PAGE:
In December of 2016, the largest all-women expedition headed to Antartica. From Ushuaia, Argentina, these women went on their way to spend nearly a month at sea. 20 days to be exact; from December 2-21. They all came back safely, and many of the women have expressed how wonderful an experience it truly was. However, why did they go? What was their objective? What did they hope to discover?
About the Program That Sent Them: Homeward Bound
In their words: “Homeward Bound is a groundbreaking leadership, strategic and science initiative for women, set against the backdrop of Antarctica”. Fabian Dattner and Jess Melbourne Thomas collaborated on the Homeward Bound initiative for six months, collecting 76 women of all kinds of different scientific backgrounds. From doctors, to astronomers, and everything in between.
The project had several objectives. At the above link, you can see what they had wanted to accomplish in full. However, as a quick summary, the project hoped to improve leadership skills among the women, have a global focus, and to teach others about the science effecting the planet as a whole, but especially the effects humans are having at the poles.
Why women? Homeward Bound’s reason was because though more and more women are being encouraged to get into and participate in STEM fields, they wanted to increase this, and (as mentioned previously) help the leadership skills of this women become better and stronger, thus helping their careers in their specific fields.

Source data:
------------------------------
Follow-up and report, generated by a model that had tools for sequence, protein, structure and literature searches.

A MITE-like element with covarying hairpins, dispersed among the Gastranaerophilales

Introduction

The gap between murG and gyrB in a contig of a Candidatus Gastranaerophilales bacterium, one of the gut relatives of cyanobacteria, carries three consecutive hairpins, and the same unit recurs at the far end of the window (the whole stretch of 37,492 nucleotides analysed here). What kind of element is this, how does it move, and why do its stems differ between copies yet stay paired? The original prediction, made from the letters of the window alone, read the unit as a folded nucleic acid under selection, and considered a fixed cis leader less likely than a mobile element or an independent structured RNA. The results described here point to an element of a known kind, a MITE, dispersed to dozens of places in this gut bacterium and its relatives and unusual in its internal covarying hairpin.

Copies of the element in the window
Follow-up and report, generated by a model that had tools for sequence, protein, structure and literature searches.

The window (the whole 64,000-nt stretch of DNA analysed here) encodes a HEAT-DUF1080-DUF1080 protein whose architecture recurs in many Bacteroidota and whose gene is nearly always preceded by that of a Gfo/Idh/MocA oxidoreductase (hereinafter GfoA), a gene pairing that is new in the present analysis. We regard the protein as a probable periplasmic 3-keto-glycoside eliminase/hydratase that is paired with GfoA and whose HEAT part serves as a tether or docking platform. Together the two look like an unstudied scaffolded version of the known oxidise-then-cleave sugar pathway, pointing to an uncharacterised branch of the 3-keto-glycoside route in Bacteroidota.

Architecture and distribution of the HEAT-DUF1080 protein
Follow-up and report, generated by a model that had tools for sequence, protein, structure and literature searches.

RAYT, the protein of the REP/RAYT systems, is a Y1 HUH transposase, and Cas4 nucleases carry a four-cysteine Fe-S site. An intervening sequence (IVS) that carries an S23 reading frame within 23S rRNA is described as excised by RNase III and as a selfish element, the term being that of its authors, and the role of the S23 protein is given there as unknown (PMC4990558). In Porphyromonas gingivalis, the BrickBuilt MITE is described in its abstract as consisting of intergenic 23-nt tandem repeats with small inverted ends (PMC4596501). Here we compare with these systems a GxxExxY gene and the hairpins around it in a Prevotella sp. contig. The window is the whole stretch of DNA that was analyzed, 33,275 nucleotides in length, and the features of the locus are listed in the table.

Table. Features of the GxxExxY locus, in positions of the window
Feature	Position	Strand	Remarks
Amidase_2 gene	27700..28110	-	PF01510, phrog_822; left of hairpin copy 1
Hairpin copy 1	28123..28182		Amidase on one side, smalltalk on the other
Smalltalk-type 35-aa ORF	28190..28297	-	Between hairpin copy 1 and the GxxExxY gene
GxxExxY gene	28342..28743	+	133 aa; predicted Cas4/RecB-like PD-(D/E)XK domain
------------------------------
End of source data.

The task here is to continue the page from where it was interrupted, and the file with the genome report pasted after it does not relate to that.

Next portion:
They chose Antartica because regions of the continent are showing the fastest responses to climate change on the planet. This allowed the women to experience first hand the evidence of the climate change that humans are causing be released their greenhouse gases into the air on a daily basis.
This project isn’t just a one time thing. In January of 2017, you can sign up for the 2018 voyage.
How Did it Go?
As mentioned before, the trip ended safely. Above even learning about the poles and improving the leadership skills of the participants, that is probably the most important part. Thankfully, all 76 women are accounted for.
How did the women like it? You can see their tweets describing the trip below, along with a linked article on the expedition that one of the women wrote:
— Biosphere Env Ed (@biosphere_ed) December 21, 2016
— Homeward Bound (@HomewardBound16) December 22, 2016
— Alison Davies (@alison_d_davies) December 21, 2016